Seafood Business for Ocean Stewardship (SeaBOS, also referred to as "Keystone Dialogues") is an initiative that, for the first time, connects the global seafood business to science, connects wild capture fisheries to aquaculture, and connects European and North American companies to Asian companies. The ambition is to lead a global transformation towards sustainable seafood production and a healthy ocean. The initiative will actively contribute to the United Nations Sustainable Development Goals (SDGs), and in particular Goal 14 Conserve and sustainably use the oceans, seas and marine resources.
The initiative is based on a scientific paper published in 2015 by sterblom, Jouffray, Folke et al. which illustrates that the largest companies in a given industry can operate similarly to keystone species in ecological communities, meaning that they can have a disproportionate effect on the structure and function of the system in which they operate. The keystone actors of global seafood control 19-40% of some of the largest and most valuable stocks and 11-16 % of the global marine catch.
The keystone actors represented in SeaBOS produced a joint statement in November 2016 which expresses their commitment to ocean stewardship. The statement outlines their concern about the current and future state of the ocean, and identifies a number of areas, which they will address together in order to actively contribute to the United Nations Sustainable Development Goals (SDGs).
The statement was signed by eight of the largest seafood companies in the world, including the two largest companies by revenues (Maruha Nichiro Corporation and Nippon Suisan Kaisha, Ltd), two of the worlds largest tuna companies (Thai Union Group PCL and Dongwon Industries), the two largest salmon farmers (Marine Harvest ASA and Cermaq (subsidiary of Mitsubishi Corporation) and the two largest aquafeeds companies (Skretting subsidiary of Nutreco, and Cargill Aqua Nutrition).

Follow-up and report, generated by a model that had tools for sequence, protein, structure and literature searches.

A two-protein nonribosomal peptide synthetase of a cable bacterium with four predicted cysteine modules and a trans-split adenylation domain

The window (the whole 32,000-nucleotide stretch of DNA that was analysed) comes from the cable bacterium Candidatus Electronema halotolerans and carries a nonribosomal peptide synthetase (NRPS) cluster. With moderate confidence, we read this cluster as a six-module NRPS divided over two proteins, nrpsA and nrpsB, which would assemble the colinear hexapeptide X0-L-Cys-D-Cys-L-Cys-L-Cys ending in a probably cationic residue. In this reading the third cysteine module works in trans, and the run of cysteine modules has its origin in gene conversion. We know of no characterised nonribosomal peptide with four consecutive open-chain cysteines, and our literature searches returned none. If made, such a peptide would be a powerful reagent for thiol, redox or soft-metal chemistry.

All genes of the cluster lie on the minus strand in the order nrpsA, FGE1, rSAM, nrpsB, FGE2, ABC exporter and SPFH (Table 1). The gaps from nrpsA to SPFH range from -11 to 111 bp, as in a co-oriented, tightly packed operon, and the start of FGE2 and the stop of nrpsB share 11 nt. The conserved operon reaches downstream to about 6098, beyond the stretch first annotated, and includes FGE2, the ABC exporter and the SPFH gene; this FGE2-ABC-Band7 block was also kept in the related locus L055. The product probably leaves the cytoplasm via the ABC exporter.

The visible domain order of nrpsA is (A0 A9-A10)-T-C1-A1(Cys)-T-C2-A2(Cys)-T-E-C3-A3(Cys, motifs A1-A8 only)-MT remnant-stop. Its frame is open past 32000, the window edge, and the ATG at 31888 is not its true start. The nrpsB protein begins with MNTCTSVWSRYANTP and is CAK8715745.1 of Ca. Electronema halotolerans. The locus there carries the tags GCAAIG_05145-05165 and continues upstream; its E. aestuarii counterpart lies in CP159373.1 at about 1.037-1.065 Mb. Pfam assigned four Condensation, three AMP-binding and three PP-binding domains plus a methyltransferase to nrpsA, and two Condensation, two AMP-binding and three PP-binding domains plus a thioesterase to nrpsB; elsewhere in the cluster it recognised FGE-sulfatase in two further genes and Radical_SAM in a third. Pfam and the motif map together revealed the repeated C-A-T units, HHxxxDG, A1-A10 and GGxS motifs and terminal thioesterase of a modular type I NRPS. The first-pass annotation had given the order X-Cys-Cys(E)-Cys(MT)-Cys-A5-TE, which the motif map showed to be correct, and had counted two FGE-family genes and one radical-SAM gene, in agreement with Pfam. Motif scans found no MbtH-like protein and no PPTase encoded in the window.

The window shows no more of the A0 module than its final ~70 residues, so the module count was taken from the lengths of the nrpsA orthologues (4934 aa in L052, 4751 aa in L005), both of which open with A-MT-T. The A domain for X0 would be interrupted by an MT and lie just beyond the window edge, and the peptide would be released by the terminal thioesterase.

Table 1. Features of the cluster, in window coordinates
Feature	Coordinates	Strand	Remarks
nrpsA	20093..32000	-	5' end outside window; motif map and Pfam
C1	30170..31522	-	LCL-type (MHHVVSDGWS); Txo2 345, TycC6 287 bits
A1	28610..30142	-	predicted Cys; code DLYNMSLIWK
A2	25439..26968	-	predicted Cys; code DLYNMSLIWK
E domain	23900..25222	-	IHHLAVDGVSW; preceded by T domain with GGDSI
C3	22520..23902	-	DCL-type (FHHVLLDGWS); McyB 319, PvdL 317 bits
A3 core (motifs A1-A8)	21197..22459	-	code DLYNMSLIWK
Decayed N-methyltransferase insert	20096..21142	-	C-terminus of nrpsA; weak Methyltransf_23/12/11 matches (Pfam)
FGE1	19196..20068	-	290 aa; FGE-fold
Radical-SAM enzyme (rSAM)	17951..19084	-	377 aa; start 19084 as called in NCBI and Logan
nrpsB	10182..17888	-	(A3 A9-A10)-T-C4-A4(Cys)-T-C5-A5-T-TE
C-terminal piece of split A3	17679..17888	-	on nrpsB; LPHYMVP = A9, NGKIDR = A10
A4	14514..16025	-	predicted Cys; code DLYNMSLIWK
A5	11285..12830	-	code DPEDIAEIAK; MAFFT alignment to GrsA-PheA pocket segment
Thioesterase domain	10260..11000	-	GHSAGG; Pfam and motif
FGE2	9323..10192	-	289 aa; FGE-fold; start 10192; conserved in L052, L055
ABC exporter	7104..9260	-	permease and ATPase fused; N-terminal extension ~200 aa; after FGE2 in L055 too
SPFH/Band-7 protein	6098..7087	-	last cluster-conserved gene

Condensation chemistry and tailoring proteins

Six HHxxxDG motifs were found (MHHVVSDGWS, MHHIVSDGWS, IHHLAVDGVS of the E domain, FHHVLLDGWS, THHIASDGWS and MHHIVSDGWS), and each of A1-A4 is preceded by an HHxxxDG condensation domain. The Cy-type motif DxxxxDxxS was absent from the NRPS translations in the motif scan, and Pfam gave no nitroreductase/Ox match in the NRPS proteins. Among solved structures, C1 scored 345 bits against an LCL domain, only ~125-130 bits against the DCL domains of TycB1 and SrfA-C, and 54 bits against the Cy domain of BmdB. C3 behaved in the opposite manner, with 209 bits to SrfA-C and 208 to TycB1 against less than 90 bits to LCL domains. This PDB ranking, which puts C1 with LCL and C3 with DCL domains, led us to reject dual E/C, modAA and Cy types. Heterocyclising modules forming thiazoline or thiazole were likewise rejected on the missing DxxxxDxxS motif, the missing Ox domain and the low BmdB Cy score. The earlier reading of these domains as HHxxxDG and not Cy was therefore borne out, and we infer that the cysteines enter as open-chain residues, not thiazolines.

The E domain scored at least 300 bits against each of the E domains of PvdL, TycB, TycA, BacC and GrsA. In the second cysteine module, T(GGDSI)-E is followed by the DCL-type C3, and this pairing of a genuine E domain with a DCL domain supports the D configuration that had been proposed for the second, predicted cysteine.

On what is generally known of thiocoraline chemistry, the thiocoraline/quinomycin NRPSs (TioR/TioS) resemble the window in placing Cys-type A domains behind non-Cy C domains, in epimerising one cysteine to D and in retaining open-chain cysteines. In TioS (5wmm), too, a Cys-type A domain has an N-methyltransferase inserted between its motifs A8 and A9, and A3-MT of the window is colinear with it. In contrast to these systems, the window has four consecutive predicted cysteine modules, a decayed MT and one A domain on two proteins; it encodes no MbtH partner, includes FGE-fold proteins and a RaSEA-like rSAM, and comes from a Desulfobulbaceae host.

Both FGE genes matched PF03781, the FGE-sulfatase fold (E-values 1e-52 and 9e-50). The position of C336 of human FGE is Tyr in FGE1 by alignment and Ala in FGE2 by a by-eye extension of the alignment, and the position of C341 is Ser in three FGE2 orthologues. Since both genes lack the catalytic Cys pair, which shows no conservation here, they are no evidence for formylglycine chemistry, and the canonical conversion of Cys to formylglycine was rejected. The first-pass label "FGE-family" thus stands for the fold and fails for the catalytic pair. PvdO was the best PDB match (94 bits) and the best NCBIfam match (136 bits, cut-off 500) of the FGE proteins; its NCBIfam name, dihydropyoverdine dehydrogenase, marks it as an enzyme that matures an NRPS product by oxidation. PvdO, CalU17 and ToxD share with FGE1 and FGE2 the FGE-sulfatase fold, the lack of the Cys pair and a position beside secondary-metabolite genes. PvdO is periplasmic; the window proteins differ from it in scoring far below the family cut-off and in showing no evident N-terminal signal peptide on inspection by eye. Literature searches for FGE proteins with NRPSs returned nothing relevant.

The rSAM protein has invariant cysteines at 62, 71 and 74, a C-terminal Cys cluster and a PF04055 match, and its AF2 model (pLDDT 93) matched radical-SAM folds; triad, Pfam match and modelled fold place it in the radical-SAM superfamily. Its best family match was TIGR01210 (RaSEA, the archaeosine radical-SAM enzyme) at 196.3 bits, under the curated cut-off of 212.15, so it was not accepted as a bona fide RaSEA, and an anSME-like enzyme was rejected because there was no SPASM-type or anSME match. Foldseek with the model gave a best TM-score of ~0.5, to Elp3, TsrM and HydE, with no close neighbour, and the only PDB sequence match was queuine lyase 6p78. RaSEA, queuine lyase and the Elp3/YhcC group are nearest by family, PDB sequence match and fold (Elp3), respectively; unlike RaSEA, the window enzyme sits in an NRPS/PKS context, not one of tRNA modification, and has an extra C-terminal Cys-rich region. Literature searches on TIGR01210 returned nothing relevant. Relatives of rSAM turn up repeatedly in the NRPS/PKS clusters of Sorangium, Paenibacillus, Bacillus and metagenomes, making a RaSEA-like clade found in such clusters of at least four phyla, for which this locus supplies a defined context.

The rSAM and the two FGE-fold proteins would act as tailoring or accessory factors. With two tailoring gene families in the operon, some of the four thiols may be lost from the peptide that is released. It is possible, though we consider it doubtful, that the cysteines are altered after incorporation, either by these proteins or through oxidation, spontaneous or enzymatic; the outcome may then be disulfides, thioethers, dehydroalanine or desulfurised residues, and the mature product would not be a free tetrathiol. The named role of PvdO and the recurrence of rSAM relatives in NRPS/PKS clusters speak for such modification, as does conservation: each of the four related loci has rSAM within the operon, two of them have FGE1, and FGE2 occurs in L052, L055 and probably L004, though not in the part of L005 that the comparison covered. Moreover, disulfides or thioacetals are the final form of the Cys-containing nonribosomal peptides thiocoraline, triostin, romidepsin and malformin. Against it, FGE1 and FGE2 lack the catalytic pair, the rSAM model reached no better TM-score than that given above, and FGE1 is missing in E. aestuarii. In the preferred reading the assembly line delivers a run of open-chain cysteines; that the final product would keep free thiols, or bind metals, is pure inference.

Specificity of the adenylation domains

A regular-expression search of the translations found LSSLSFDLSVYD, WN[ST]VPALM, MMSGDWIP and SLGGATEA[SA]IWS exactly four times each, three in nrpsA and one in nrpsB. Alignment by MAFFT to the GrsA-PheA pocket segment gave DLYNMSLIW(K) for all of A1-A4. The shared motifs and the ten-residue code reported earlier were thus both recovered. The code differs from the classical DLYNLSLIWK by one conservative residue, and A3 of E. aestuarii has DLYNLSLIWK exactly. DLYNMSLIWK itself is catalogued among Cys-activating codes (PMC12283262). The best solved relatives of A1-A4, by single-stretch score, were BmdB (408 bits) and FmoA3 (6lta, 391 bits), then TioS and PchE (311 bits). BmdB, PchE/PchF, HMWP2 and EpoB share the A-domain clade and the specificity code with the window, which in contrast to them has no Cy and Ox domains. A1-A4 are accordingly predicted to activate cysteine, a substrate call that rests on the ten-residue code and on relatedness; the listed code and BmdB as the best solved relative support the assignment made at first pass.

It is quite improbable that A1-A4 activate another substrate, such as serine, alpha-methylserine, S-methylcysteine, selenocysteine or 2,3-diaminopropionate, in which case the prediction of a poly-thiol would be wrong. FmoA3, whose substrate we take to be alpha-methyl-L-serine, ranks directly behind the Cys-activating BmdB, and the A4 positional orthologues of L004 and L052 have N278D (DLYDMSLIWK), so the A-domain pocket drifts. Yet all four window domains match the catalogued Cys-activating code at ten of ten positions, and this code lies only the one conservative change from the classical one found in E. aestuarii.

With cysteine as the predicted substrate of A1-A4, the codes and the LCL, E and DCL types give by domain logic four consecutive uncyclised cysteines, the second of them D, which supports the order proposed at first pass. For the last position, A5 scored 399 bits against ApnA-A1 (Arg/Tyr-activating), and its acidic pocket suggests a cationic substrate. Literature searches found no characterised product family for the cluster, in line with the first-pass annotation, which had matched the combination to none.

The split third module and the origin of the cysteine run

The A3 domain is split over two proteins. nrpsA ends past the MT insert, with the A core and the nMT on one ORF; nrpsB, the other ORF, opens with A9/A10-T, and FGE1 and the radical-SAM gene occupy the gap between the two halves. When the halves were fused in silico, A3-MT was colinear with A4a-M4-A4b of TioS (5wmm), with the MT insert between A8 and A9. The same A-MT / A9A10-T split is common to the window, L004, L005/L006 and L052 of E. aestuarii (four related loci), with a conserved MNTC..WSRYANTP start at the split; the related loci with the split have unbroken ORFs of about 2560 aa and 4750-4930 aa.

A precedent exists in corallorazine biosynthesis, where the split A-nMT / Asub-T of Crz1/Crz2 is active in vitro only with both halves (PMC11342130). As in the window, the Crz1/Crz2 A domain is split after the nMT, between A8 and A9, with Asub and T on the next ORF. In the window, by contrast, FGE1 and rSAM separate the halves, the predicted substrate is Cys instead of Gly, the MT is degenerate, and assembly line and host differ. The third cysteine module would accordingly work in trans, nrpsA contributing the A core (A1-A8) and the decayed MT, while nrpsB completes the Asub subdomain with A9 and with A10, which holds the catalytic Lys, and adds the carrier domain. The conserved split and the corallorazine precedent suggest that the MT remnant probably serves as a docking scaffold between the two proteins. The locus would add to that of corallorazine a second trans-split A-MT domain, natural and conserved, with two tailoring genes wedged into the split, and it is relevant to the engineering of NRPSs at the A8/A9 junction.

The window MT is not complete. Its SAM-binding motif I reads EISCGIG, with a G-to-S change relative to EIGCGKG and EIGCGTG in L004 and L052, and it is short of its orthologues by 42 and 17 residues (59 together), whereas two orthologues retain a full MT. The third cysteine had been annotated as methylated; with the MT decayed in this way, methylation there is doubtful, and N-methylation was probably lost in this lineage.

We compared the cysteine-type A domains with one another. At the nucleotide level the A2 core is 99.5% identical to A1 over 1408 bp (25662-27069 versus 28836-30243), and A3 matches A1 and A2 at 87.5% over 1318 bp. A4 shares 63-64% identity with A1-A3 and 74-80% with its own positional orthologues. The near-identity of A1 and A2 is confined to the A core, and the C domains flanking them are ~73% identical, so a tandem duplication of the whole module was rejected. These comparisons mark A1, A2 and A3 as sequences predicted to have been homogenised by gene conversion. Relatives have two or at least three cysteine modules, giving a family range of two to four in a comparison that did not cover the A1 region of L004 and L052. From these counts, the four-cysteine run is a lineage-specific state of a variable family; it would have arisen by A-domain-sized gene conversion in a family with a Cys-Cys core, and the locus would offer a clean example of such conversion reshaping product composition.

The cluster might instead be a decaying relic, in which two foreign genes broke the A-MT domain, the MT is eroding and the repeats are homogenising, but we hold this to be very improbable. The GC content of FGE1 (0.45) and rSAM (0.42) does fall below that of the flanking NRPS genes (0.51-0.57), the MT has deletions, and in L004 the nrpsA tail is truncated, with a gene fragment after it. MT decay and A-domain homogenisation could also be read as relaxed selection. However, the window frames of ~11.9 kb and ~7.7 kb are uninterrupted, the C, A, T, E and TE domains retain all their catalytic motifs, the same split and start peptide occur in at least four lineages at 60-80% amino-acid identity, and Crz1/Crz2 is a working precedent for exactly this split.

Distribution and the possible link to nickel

By 2025, prevent and significantly reduce marine pollution of all kinds, in particular from land-based activities, including marine debris and nutrient pollution
By 2020, sustainably manage and protect marine and coastal ecosystems to avoid significant adverse impacts, including by strengthening their resilience, and take action for their restoration in order to achieve healthy and productive oceans
By 2020, effectively regulate harvesting and end overfishing, illegal, unreported and unregulated fishing and destructive fishing practices and implement science-based management plans, in order to restore fish stocks in the shortest time feasible, at least to levels that can produce maximum sustainable yield as determined by their biological characteristics
Increase scientific knowledge, develop research capacity and transfer marine technology, taking into account the Intergovernmental Oceanographic Commission Criteria and Guidelines on the Transfer of Marine Technology, in order to improve ocean health and to enhance the contribution of marine biodiversity to the development of developing countries, in particular small island developing States and least developed countries
Type of commitment
- Scientific, socioeconomic and interdisciplinary research
- Research capacity development
- Data access and sharing
- Training and professional development
- Scientific cooperation
- Transfer marine technology
Improve transparency and traceability in our own operations, and work together to share information and best practice
Engage in concerted efforts to help reduce IUU fishing and and eliminate any form of modern slavery in our supply chains
Reduce the use of plastics in seafood operations, and encourage global efforts to reduce plastic
Engage in science-based efforts to improve fisheries and aquaculture management and productivity through collaboration with industry, regulators and civil society